Tour offers something for everyone

June 12, 2011 

  • Sun City Garden Tour chairwoman Eileen Lehrer's prescription for armadillo riddance: Spray tunnels with a mixture of 16 ounces ammonia and 14 ounces Murphy Soap.

"I may have to move that ginkgo tree. It doesn't look well; I think it's too wet there."

So spoke Sue Roderus as I stood in her and husband Rod's vast garden in Sun City Hilton Head. Their garden was one of six on the 11th annual Sun City Garden Tour that took me through Sun City and included Riverbend and Reflections.

Too wet? On this spring day in May when it appeared we were having a severe dry spell and already talking about water restrictions, how curious to find a garden with spots too wet for conditions. The hundreds of other plants in the Roderuses' garden were thriving. I set out to find unusual varieties; there was a surfeit.

The odd yellow flowers on stiff stems were Mexican hats (Ratibida); the spreader plants, Lysimachea; the furry ones, lamb's ears; scented flowering tobacco (Nicotiana); forsythia sage (madrensis); a Gloxinia; variegated milk thistle; and more, all tucked in and around popular summer annuals.

Sue and Rod use "Deer Buster" to keep deer at bay. Sue brings home unusual plant finds from the Hilton Head Island Greenery, where she helps out two days a week.

Thanks to my excellent tour guide, Irene Randall, who knew all the shortcuts between gardens, I could concentrate on the tour gardens and why the garden of Jane and George Munster is called a "gardener's garden."

It could be the 90 pounds of mulch around 100 different varieties of plants. These two don't ask how a plant does here; they buy it and find out for themselves. Not often seen are Weigelia, the clumping perennial Russian sage (Perovskia) and zebra grass (Miscanthus). The unusual Mexican bamboo in the backyard came from the celebrated Plant's Delight Nursery. There's a "bat face" Cuphea and the seldom-grown, red flowering pineapple sage.

The tropical garden of Marguerita and Skip Rickerson features an arch formed by oleanders that leads to a patio and water feature. There are 150-year-old Crinum lilies; salvias "Black and Blue"; the long-flowering indigo spires; and an herb and vegetable garden with fall-flowering mint marigold and the fun kangaroo paw.

A sweep of red dragon's wing begonias across the front and up the side of the house welcomed me to Doria and Pete Binazesju's unique backyard garden, done entirely by Doria. This includes a cascading pool and numerous, unusual urns that Doria finds in Charleston mansions. Doria buys what she likes, including foxgloves and Delphiniums. Come fall she pulls everything out and plants a winter garden.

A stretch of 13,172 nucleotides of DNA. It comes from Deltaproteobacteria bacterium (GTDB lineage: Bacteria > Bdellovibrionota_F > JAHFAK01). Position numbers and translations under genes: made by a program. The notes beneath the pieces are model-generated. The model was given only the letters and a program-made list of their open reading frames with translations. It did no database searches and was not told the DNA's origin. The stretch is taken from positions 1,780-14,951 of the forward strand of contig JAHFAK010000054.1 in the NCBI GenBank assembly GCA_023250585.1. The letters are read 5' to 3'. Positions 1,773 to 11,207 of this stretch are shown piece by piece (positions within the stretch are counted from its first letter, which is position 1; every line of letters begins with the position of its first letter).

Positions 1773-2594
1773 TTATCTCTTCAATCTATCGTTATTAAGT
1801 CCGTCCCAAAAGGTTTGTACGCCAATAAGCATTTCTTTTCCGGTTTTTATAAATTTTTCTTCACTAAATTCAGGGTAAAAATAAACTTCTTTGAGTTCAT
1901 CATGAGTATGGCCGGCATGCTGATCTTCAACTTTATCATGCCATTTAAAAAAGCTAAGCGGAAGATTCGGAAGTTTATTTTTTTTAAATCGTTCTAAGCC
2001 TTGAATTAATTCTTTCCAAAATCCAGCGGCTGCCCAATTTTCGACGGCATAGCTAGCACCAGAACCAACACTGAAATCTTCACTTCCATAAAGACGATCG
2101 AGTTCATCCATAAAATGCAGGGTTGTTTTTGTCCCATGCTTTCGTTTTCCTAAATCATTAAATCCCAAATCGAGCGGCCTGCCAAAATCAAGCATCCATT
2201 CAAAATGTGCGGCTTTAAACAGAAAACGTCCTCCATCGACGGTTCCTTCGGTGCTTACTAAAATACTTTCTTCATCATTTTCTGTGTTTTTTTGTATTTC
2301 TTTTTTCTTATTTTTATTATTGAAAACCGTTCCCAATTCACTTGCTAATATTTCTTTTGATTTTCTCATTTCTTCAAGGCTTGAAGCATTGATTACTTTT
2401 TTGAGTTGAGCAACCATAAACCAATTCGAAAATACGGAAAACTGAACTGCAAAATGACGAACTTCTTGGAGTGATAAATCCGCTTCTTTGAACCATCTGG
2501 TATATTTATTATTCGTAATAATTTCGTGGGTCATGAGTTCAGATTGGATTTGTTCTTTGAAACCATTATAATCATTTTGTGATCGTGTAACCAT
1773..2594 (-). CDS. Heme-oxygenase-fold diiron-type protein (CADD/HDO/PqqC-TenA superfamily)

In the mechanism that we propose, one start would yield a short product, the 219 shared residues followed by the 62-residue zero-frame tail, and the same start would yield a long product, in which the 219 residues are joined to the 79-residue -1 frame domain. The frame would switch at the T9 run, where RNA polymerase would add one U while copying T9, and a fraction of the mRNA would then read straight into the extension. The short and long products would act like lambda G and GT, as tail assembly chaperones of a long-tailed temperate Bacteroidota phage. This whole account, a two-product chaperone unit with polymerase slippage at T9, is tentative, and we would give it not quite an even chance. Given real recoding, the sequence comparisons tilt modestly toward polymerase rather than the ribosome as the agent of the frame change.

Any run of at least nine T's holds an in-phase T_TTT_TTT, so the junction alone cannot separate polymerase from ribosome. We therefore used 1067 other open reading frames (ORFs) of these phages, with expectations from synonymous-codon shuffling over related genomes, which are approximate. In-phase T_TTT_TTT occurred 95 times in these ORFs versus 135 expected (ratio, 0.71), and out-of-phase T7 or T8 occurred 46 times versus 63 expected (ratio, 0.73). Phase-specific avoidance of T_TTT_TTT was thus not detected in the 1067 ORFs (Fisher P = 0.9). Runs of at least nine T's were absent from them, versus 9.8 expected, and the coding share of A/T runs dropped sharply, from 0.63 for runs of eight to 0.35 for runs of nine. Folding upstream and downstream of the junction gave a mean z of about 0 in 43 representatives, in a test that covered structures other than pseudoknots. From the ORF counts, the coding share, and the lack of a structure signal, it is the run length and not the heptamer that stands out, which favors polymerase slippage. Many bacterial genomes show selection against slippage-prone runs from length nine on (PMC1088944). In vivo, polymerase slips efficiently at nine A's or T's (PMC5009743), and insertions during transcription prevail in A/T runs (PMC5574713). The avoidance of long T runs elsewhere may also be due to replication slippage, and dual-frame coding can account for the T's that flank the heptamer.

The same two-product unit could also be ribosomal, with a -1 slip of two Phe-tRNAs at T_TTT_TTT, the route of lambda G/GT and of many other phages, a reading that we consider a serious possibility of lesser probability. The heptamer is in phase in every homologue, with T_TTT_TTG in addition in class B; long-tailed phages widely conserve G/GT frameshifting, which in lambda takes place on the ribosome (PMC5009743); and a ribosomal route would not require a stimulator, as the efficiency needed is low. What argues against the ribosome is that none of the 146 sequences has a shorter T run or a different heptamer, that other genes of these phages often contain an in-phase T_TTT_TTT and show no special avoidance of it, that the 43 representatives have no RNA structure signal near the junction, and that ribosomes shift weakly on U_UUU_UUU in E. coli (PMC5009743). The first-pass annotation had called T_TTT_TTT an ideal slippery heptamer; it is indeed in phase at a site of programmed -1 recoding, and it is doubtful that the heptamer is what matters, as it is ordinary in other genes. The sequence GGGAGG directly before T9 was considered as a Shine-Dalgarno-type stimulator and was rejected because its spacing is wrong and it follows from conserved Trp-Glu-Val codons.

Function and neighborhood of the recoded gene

What with the way the beautiful native azaleas are disappearing from our landscape, I bowed down before those in the tranquil garden of Elaine and Richard Donohue that overlooks the Okatie River.

I walked down the deck that overlooks the marsh, then turned to view what master flower arranger Elaine has put together in the colorful garden. The giant fun Farfugium (or Ligularia), bird of paradise and brilliant orange flowers of the shrub lion's tail (Leonotis) are perfect foils for the red cedars, ferns and azaleas.

An "aha moment" happened in the backyard gardens of Toni and Payson Perkins when Payson told me that Toni loves roses, gardenias and hibiscus. Payson said when wielding a shovel, the ground is like cement. He added that when digging a hole, it may fill up with water before he can get a shrub planted. I puzzled this out.

For the past two hours, I'd been surprised to see the flowering annuals and perennials with which I'm familiar, large and loaded with flowers. They seemed to be further along in their growth pattern than the same plants in gardens I've been in on Hilton Head Island. Could it be that the clay content in the Sun City gardens is retaining moisture from the few rainfalls we've had?

More moisture makes for more vigor in plants. The Perkinses' garden in Jasper County is but a year and a half old. It overlooks Argent Lake, a new nine-hole golf course that is reputed to be challenging. Golfers will have a beautiful view of the Perkinses' colorful garden.

The "4 Hands On Garden" of Mary Anne and Fred Gebler was recently on the All Saints Garden Tour and much enjoyed by visitors for its design. It's textbook for new gardeners to the Lowcountry. No doubt it will be repeated on yet another tour.

Congratulations to all gardeners and to Eileen Lehrer who put it together so well that she's chairwoman again for the next two years. Her creed: Something for everybody, everywhere. Go and see, and go home and do.

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